The victims of the Deinstitutionalization Movement of the sixties included both those whose rights it was presumed to champion as well as the victims of assaults by those who could not control their behavior. A television series on CBS’s “60 Minutes” interviewed four couples with older children with severe mental issues who shared their frustration when they reported threats from their children but were unable to elicit responsive action from law-enforcement or the mental-health systems.
One black couple was told that repeated threats by their son were no longer sufficient reason for law enforcement to arrest and confine him. In just a few weeks, the mother was back on the show, this time reporting that her husband had been murdered by their son who was then confined and charged with murder.
I had a personal encounter that mirrored the experience of this mom. A friend of mine who was a prominent community activist in Washington, D.C. had a son who had returned home from the Vietnam War with severe mental issues. As she was leaving a downtown department store in the middle of winter, she saw him homeless and sitting on a park bench across the street. When she approached him, it was obvious to her that he no longer recognized her. Her repeated attempts to have him admitted to the veterans’ hospital were unsuccessful, as involuntary confinement is prohibited under the CMHA.
The epidemic of untreated serious mental illness crosses all boundaries of race, ethnicity, and income level and took its toll in the family of Virginia State Senator Creigh Deeds. Deeds’ 24-year-old son, Gus, was struggling with mental illness and was acting so erratically that the senator feared he might commit suicide and drove him to the emergency room of a hospital. But his son was not a minor and did not want treatment, and the two returned home.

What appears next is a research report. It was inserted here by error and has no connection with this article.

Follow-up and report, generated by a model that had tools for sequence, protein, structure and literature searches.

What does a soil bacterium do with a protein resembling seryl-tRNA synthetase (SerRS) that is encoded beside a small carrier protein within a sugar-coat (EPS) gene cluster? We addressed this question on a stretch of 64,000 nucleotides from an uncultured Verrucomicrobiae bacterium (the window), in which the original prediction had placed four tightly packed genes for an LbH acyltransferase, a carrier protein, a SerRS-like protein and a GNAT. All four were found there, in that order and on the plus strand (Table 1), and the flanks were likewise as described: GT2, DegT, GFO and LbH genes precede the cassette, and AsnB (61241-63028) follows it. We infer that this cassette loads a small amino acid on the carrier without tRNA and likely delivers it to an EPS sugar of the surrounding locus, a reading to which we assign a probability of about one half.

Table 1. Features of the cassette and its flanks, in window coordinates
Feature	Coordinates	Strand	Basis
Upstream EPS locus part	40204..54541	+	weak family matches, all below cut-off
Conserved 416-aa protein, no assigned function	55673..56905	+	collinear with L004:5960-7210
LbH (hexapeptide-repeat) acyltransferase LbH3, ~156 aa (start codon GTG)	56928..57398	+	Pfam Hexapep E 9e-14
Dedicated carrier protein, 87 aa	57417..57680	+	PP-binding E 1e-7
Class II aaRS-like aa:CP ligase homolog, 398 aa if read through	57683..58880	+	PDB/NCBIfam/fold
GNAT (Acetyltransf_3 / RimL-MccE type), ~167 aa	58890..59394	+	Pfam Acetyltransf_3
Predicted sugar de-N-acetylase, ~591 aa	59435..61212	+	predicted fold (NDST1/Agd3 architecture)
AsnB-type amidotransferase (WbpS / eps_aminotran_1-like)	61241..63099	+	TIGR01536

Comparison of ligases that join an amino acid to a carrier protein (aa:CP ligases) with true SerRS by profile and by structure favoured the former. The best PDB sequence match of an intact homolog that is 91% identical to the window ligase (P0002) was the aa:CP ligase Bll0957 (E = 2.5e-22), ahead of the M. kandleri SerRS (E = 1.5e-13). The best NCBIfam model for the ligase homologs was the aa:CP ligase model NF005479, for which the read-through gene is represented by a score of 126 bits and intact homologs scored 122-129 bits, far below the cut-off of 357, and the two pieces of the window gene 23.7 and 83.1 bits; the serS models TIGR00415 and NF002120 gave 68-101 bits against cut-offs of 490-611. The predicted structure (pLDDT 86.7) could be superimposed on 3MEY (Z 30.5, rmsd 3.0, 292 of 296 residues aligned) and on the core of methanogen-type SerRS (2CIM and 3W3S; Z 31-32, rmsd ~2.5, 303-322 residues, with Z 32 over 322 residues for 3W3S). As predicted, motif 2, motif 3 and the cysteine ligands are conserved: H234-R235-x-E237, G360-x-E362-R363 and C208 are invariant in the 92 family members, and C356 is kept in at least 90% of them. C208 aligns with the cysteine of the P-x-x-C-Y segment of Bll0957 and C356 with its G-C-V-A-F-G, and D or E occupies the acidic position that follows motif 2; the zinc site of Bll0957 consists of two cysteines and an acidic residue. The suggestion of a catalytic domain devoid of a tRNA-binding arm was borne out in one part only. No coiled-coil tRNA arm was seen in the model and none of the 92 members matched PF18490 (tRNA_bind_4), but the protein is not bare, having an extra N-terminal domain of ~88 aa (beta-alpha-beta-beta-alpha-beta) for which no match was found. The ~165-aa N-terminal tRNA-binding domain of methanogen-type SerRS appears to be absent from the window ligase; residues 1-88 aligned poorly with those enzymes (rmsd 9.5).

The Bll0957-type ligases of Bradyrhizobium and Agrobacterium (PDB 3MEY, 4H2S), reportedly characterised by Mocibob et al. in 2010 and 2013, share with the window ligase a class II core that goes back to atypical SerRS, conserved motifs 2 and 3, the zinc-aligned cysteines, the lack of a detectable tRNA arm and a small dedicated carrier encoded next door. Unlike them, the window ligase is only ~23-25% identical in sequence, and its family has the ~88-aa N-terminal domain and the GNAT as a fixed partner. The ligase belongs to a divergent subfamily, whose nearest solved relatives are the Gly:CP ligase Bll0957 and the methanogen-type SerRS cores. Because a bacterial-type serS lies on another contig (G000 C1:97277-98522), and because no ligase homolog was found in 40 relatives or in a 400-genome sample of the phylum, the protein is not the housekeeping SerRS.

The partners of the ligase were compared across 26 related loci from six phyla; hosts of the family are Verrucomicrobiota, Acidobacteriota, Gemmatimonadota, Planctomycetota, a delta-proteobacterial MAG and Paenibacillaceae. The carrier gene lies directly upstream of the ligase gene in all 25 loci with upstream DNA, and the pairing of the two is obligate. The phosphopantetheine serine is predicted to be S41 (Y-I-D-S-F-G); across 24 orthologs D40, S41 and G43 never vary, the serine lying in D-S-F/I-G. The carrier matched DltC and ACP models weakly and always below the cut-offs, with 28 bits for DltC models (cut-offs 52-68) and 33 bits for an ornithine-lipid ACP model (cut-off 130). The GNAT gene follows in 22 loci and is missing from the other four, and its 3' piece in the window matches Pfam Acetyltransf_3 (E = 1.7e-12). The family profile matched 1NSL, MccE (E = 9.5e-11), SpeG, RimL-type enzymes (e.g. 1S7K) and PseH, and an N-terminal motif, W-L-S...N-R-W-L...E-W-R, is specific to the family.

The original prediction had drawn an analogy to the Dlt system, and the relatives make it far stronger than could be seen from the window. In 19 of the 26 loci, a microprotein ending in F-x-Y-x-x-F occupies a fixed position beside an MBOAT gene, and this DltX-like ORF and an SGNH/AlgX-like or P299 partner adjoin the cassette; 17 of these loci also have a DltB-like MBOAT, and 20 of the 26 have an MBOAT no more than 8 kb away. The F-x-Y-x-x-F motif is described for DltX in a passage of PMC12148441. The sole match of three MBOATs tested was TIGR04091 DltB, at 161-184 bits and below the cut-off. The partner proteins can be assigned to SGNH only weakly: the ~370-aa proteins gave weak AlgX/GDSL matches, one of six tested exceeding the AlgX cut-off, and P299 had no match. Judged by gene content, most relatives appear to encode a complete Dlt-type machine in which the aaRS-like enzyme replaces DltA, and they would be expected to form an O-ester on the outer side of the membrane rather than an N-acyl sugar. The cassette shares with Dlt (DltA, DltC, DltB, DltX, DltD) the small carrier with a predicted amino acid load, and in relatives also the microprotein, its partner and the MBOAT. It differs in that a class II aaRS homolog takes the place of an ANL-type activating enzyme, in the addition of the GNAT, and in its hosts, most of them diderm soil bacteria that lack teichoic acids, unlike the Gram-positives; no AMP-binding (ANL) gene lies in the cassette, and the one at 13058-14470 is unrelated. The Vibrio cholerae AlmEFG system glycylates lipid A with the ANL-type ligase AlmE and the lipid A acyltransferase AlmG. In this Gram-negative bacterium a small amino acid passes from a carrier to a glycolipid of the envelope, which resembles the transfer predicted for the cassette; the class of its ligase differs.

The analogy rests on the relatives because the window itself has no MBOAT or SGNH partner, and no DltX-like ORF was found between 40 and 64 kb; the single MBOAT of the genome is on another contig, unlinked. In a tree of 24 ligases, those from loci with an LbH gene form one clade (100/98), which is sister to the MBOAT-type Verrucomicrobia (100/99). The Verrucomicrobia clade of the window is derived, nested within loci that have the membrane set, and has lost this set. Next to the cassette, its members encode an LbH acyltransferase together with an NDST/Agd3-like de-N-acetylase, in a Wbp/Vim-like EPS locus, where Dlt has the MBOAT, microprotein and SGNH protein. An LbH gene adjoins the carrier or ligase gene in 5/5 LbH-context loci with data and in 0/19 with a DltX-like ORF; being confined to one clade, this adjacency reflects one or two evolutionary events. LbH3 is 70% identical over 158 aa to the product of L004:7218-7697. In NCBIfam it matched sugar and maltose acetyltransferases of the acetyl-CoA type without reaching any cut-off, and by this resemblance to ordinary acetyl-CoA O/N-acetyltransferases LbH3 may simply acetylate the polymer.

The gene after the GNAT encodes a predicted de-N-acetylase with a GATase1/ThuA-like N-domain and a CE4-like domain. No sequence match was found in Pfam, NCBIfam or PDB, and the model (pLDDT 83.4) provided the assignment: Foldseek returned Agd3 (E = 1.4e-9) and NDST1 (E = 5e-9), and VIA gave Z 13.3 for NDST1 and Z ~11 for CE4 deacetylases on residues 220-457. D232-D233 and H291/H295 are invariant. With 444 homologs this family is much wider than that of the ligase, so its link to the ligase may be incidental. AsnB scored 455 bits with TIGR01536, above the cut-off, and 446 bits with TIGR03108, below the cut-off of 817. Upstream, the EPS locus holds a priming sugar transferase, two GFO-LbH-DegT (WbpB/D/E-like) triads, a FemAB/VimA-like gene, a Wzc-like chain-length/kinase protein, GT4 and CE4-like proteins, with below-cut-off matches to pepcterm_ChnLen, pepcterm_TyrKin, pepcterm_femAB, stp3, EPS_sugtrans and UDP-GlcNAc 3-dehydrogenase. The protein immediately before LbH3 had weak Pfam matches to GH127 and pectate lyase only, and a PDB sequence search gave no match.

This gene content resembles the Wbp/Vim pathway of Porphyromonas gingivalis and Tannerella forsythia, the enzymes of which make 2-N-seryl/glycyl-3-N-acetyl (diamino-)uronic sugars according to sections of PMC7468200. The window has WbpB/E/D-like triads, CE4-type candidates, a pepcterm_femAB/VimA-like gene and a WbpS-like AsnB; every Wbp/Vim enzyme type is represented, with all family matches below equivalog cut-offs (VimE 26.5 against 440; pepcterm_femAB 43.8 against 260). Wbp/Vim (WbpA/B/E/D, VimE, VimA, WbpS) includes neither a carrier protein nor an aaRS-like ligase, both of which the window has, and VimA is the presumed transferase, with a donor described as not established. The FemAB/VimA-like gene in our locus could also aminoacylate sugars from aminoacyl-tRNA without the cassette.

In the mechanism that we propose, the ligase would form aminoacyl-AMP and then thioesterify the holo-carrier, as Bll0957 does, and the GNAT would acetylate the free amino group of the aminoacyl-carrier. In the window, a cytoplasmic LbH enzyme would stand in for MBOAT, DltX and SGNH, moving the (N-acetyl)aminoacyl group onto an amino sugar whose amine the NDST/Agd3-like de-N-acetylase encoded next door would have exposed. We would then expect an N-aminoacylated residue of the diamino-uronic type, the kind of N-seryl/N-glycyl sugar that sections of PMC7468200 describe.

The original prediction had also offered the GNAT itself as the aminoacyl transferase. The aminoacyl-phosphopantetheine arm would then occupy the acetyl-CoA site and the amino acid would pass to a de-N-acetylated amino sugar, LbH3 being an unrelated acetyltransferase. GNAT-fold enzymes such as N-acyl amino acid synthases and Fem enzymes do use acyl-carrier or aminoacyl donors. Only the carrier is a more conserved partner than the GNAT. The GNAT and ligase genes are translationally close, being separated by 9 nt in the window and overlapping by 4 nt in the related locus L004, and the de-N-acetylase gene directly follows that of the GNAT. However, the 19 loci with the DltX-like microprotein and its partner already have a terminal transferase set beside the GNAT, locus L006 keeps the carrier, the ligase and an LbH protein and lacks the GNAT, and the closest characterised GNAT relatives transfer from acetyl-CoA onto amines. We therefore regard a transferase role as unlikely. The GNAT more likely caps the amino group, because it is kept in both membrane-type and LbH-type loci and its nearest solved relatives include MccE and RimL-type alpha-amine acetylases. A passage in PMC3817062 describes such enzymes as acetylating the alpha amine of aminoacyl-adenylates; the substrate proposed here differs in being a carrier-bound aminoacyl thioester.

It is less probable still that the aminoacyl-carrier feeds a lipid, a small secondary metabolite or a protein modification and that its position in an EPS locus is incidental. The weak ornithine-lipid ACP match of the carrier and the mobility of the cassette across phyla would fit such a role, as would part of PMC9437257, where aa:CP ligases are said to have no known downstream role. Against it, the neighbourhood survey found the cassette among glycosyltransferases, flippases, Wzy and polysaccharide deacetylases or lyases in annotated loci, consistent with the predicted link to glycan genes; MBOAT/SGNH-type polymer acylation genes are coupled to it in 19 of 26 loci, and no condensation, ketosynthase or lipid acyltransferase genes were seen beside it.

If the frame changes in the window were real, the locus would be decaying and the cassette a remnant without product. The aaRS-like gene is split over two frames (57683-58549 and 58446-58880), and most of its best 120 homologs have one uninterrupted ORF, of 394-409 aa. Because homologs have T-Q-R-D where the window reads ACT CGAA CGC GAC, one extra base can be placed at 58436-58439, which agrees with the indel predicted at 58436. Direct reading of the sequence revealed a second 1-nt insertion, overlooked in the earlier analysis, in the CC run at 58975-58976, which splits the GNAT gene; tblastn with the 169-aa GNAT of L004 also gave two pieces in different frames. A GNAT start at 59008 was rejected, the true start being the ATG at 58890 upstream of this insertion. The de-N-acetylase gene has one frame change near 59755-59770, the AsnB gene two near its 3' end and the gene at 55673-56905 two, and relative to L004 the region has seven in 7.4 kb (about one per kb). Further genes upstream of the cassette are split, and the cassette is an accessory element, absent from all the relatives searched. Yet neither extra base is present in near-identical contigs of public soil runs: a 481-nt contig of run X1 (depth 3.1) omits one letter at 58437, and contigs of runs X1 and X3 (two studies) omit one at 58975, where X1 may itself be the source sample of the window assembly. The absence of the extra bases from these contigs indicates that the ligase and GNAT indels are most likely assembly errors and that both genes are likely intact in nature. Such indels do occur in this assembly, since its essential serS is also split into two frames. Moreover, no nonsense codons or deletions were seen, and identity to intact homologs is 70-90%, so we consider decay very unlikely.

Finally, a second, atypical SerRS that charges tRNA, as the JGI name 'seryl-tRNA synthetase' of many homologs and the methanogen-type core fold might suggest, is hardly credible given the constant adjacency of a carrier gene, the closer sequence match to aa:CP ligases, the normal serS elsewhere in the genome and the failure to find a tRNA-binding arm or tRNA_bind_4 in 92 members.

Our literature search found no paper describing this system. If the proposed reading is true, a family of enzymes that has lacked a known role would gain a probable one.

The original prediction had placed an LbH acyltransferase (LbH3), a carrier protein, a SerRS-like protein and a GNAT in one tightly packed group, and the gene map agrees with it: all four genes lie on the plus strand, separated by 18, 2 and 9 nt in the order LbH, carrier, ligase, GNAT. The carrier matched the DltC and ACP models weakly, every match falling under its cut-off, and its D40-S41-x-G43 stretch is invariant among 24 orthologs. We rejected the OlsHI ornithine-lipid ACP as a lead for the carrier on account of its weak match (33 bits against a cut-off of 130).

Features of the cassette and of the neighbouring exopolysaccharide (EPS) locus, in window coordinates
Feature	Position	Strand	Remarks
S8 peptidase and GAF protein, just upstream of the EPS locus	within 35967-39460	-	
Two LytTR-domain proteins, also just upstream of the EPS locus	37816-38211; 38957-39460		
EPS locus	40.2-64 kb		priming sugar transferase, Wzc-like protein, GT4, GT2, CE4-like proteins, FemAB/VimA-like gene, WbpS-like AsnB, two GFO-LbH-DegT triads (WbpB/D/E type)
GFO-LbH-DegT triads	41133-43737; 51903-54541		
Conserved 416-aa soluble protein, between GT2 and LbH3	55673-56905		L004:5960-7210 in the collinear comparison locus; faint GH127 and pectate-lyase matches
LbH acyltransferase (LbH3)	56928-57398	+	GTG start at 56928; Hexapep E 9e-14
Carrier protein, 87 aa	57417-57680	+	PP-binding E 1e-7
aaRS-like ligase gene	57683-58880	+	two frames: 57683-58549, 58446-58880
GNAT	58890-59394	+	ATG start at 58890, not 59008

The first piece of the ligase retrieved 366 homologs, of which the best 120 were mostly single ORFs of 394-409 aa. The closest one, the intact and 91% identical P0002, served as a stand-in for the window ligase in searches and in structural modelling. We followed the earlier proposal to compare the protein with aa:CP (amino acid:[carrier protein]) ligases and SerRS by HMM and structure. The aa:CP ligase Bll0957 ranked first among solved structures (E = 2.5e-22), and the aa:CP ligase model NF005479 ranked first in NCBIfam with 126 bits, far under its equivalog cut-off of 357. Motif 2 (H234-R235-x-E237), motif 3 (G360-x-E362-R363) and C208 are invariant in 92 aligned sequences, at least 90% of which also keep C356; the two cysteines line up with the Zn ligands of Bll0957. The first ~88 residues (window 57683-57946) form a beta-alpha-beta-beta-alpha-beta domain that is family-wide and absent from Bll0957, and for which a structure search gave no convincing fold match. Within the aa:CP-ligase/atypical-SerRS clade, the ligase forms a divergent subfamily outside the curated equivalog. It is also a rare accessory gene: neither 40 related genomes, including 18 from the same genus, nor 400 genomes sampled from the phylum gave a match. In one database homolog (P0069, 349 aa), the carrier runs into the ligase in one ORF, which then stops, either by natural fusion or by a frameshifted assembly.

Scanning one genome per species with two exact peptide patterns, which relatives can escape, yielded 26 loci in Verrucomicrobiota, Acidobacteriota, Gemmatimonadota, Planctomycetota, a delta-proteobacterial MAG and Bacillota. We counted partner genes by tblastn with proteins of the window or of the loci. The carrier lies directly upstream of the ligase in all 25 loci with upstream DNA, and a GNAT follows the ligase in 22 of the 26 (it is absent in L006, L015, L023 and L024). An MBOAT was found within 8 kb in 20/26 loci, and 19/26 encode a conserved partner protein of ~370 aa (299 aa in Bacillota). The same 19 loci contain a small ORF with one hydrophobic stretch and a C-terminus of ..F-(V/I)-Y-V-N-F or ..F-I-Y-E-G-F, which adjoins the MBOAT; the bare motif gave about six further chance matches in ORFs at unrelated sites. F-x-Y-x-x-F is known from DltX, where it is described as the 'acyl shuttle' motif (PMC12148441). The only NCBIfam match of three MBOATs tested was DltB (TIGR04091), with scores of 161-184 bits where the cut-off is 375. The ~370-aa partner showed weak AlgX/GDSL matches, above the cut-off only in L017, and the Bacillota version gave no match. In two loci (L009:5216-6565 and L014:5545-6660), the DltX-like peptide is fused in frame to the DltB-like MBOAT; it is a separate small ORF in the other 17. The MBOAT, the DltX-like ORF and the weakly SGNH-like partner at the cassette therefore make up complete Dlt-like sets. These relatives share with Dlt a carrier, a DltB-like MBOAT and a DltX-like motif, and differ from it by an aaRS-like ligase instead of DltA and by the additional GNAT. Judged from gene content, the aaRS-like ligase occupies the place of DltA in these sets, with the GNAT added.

“I felt the system failed my son that night,” Deeds said. The following morning, Gus attacked him from behind, stabbing him and slashing his face. As he was transported to the hospital by helicopter, he heard a report on the scanner that someone had been shot in the head. He would learn that the gunshot victim was Gus.
This so-called “social reform” of the sixties era is but another example of well-intended social policy that is destroying with its “helping hand” the very people it is supposed to assist. It is tragic that race, once again, is being interjected with regard to this issue and will prevent any serious discussion of repealing the provisions of the law that prohibits involuntary confinement.
There is a cacophony of voices demanding that Penny be punished, though there were no demonstrations and scant press coverage, if any, when Neeley viciously attacked his random victims. There are no reports of any actions that were taken to prevent this man from hurting others, and, ultimately, he suffered the fatal results of his untreated mental condition.
In describing how the laws have gone too far in protecting the rights of individuals while jeopardizing their safety and well-being, one psychiatrist coined the phrase that aptly describes their fate: “Dying with one’s rights on.”
Bob Woodson is founder and president of the Woodson Center and author of “Red, White, and Black: Rescuing American History From Revisionists and Race Hustlers.”
The views expressed in this article are the writer’s own.